(Śrīmad-Bhāgavatam 5.18.22, Purport)
"Unless one is saturated with love for the Supreme Personality of Godhead, one cannot appreciate the transcendental value of Lord Rāmacandra; one cannot see Him with material eyes. Because demons like Rāvaṇa have no spiritual vision, they consider Lord Rāmacandra an ordinary kṣatriya king. Rāvaṇa therefore attempted to kidnap Lord Rāmacandra's eternal consort, Sītādevī. Actually, however, Rāvaṇa could not carry off Sītādevī in her original form. As soon as she was touched by Rāvaṇa's hands, she gave him a material form, but she maintained her original form beyond his vision. Therefore in this verse the words pratyak praśāntam indicate that Lord Rāmacandra and His potency, the goddess Sītā, keep themselves aloof from the influence of the material energy."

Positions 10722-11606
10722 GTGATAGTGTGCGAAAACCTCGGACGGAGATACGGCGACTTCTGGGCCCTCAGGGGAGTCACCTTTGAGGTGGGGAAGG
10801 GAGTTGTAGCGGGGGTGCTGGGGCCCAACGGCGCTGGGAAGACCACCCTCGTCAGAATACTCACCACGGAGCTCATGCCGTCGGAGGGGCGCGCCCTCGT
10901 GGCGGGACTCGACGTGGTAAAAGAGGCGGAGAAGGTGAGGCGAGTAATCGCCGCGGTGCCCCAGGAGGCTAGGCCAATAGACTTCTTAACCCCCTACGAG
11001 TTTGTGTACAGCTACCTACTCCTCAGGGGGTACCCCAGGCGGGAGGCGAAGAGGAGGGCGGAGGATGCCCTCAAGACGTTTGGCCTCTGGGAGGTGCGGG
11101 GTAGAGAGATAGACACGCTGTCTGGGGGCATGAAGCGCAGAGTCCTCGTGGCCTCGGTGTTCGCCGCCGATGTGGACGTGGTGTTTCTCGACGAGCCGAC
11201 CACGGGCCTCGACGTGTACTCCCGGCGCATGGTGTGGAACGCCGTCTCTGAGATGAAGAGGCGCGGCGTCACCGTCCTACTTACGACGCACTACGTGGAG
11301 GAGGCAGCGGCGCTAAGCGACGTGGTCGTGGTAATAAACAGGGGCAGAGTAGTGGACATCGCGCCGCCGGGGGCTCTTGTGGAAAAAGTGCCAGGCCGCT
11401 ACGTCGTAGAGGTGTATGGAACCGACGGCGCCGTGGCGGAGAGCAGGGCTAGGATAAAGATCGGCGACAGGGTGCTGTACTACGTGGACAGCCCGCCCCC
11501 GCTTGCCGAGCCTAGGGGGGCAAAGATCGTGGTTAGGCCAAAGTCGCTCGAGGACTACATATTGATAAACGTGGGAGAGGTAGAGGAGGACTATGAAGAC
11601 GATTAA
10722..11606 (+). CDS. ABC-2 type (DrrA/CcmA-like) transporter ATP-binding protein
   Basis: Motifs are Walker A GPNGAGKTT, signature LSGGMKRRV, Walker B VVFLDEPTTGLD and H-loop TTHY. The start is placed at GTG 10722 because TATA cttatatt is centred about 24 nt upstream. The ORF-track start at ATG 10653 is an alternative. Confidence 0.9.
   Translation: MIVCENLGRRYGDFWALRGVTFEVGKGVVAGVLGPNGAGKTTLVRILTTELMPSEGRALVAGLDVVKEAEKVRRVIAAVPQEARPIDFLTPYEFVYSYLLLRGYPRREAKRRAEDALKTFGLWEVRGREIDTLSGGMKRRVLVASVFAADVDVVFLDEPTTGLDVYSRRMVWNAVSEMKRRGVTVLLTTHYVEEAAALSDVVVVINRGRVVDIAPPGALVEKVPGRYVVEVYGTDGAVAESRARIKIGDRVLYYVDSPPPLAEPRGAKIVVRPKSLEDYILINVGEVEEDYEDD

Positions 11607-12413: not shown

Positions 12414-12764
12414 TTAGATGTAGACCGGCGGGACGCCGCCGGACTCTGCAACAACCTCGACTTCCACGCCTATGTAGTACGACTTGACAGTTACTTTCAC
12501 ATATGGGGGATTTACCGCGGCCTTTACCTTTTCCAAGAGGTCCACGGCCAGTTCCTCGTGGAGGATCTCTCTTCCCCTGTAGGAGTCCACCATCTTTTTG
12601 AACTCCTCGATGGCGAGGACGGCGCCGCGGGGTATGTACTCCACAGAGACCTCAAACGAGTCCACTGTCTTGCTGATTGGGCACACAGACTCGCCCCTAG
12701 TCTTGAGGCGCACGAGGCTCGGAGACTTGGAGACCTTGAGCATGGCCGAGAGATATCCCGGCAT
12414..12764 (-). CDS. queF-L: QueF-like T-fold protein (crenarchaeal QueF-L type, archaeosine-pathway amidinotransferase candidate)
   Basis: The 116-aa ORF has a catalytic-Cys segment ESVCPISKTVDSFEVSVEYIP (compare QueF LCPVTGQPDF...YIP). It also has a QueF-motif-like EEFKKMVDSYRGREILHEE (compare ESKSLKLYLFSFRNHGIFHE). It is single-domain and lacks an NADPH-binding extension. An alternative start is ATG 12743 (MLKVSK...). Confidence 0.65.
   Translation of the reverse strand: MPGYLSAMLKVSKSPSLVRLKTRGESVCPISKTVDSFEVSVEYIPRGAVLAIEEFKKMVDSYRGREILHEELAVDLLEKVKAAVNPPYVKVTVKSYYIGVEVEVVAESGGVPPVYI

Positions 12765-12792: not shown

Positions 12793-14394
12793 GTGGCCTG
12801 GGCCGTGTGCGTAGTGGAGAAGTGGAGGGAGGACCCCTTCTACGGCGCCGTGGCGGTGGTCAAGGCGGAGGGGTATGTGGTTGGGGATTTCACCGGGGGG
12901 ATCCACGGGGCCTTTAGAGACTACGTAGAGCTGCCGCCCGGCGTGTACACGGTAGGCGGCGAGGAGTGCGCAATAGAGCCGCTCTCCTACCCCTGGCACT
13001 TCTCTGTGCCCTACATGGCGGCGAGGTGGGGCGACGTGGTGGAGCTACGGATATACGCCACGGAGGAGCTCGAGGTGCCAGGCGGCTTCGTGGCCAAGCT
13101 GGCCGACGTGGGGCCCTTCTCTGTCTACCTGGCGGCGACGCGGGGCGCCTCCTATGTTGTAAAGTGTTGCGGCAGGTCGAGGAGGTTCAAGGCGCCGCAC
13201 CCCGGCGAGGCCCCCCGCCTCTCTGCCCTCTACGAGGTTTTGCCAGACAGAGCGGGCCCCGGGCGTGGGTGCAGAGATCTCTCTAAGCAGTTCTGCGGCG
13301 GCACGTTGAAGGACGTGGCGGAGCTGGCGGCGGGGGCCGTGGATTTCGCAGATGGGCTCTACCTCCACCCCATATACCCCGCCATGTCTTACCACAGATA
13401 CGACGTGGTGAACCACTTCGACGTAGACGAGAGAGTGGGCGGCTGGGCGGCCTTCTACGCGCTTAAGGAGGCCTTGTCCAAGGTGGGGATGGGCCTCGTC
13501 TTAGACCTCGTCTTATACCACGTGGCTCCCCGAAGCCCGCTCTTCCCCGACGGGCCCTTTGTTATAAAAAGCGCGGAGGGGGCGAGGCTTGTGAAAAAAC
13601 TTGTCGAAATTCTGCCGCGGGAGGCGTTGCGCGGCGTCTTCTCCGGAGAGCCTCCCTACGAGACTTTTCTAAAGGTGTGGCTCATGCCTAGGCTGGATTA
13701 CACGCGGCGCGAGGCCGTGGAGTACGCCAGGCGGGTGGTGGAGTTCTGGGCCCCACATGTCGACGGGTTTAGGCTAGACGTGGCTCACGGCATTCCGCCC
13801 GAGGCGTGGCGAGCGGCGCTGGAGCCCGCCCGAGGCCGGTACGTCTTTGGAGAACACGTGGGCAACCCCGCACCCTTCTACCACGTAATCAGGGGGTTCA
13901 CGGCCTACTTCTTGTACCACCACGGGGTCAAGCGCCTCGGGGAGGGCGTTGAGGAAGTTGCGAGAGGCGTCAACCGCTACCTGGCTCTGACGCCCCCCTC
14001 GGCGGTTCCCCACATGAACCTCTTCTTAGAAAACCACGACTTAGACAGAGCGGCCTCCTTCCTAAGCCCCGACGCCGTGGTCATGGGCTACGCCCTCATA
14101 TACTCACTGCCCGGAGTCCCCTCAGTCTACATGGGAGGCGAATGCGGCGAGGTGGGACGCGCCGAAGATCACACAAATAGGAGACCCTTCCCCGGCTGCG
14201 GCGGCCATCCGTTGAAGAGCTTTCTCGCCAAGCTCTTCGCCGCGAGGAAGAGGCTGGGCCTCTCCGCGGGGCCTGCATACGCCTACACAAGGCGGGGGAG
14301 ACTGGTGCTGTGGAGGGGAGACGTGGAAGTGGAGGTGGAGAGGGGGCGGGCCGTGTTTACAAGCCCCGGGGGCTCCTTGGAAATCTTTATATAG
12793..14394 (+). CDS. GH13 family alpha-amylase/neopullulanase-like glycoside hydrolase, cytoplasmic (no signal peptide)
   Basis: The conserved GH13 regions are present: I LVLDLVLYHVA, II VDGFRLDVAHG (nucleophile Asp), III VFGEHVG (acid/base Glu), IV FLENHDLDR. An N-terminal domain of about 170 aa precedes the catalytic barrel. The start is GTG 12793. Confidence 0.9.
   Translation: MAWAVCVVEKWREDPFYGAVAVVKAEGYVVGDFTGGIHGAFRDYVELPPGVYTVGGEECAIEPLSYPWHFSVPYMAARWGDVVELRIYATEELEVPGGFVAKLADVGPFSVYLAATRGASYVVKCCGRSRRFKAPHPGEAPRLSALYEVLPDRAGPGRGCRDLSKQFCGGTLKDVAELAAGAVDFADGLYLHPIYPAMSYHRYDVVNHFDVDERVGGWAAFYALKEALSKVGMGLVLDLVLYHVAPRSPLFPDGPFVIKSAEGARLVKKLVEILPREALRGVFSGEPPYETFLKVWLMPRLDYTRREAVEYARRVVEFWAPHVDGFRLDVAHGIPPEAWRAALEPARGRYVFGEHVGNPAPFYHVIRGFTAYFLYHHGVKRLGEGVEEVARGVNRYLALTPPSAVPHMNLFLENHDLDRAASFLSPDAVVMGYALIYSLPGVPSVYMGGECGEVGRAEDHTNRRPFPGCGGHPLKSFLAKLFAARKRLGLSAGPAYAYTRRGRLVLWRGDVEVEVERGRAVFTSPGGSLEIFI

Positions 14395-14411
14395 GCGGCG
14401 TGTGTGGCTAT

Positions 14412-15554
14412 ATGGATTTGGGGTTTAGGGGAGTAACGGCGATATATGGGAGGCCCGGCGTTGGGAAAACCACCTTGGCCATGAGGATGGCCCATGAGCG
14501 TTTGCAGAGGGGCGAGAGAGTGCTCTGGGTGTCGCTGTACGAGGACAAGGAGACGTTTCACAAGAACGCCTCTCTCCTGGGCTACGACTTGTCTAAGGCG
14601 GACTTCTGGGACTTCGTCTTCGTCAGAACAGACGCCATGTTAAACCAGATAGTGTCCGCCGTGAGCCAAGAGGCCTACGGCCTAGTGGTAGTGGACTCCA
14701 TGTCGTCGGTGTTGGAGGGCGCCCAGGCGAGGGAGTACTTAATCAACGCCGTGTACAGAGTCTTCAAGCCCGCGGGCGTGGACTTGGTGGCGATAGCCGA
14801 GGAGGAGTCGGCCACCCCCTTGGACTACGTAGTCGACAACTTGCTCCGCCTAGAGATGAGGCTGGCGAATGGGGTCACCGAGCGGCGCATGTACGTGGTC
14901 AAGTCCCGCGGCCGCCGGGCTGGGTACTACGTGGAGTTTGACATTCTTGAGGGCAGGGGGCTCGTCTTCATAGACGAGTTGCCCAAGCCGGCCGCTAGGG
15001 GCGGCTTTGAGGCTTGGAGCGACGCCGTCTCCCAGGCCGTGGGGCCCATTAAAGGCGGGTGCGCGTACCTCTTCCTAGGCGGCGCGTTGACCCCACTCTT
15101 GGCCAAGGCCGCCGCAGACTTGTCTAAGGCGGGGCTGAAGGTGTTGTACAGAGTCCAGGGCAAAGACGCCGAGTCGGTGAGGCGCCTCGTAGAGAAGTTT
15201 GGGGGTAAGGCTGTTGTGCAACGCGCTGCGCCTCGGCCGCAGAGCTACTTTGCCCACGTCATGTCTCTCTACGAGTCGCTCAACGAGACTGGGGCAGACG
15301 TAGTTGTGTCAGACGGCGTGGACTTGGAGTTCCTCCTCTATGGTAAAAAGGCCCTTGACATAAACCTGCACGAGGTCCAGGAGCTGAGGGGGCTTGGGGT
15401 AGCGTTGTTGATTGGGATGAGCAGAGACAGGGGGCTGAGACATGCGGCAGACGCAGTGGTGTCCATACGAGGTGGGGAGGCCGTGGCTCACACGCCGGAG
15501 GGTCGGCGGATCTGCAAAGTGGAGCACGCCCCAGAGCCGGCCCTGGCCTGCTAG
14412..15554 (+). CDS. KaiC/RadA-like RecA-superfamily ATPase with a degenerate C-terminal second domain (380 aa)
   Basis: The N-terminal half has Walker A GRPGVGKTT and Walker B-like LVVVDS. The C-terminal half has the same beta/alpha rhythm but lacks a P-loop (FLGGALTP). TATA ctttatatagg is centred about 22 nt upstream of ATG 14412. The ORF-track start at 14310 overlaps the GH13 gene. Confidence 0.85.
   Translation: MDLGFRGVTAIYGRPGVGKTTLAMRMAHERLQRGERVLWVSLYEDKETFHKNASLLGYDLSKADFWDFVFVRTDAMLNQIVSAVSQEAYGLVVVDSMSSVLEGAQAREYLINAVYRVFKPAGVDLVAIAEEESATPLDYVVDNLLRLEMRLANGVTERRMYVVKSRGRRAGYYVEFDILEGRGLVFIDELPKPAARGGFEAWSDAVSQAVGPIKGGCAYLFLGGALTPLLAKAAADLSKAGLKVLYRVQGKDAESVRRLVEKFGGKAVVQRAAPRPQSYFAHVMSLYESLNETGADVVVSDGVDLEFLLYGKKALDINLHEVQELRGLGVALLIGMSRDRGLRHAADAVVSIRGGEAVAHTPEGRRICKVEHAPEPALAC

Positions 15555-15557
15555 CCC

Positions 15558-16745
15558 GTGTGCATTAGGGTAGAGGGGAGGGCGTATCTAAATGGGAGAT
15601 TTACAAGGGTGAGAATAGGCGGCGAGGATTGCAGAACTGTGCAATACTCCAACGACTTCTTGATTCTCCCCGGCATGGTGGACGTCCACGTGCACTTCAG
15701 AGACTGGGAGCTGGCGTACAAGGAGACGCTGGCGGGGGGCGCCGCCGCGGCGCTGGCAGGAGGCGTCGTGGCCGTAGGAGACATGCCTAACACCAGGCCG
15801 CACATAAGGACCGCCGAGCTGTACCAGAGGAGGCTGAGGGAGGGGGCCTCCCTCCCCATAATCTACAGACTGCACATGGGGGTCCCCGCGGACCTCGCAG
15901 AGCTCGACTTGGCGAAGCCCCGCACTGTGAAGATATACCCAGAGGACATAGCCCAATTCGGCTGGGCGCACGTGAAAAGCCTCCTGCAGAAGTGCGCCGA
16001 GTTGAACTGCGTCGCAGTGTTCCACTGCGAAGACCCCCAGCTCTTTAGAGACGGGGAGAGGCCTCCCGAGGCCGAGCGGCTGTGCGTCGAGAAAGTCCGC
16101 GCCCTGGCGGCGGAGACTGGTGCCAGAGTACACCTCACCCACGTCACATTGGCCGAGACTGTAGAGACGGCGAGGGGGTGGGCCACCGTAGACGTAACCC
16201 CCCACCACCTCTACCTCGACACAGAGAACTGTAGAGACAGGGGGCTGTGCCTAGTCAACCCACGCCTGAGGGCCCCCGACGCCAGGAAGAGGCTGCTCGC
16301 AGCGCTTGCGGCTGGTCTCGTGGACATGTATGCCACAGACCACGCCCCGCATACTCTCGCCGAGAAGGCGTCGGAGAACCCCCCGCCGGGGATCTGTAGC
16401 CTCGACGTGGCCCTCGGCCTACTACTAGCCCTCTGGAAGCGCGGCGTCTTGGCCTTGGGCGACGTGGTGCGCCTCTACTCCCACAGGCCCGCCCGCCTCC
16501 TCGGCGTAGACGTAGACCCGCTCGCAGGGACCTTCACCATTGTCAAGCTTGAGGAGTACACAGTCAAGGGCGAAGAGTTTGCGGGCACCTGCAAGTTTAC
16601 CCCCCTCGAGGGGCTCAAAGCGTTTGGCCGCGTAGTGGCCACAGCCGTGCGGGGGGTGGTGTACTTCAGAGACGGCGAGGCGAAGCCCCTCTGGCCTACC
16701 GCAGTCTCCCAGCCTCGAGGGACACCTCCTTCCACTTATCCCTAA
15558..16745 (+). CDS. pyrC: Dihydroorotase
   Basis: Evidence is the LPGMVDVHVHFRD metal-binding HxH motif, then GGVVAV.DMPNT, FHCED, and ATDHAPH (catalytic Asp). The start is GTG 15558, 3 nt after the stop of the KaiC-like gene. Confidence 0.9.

(Śrīmad-Bhāgavatam 5.19.4, Purport)
"Na ca daivāt paraṁ balam: no one can surpass the strength of the Transcendence. Rāvaṇa was so sinful and shameless that he did not know what the result would be of kidnapping mother Sītā, the pleasure potency of Rāmacandra. This is the disqualification of the Rākṣasas. Asatyam apratiṣṭhaṁ te jagad āhur anīśvaram (BG 16.8). The Rākṣasas are unaware that the Supreme Lord is the ruler of the creation. They think that everything has come about by chance or accident and that there is no ruler, king or controller. Therefore the Rākṣasas act independently, as they like, going even so far as to kidnap the goddess of fortune. This policy of Rāvaṇa's is extremely dangerous for the materialist; indeed, it brings ruin to the materialistic civilization. Nonetheless, because atheists are Rākṣasas, they dare to do things that are most abominable, and thus they are punished without fail. Religion consists of the orders of the Supreme Lord, and one who carries out these orders is religious. One who fails to carry out the Lord's orders is irreligious, and he is to be punished."
(Śrīmad-Bhāgavatam 9.10.22, Purport)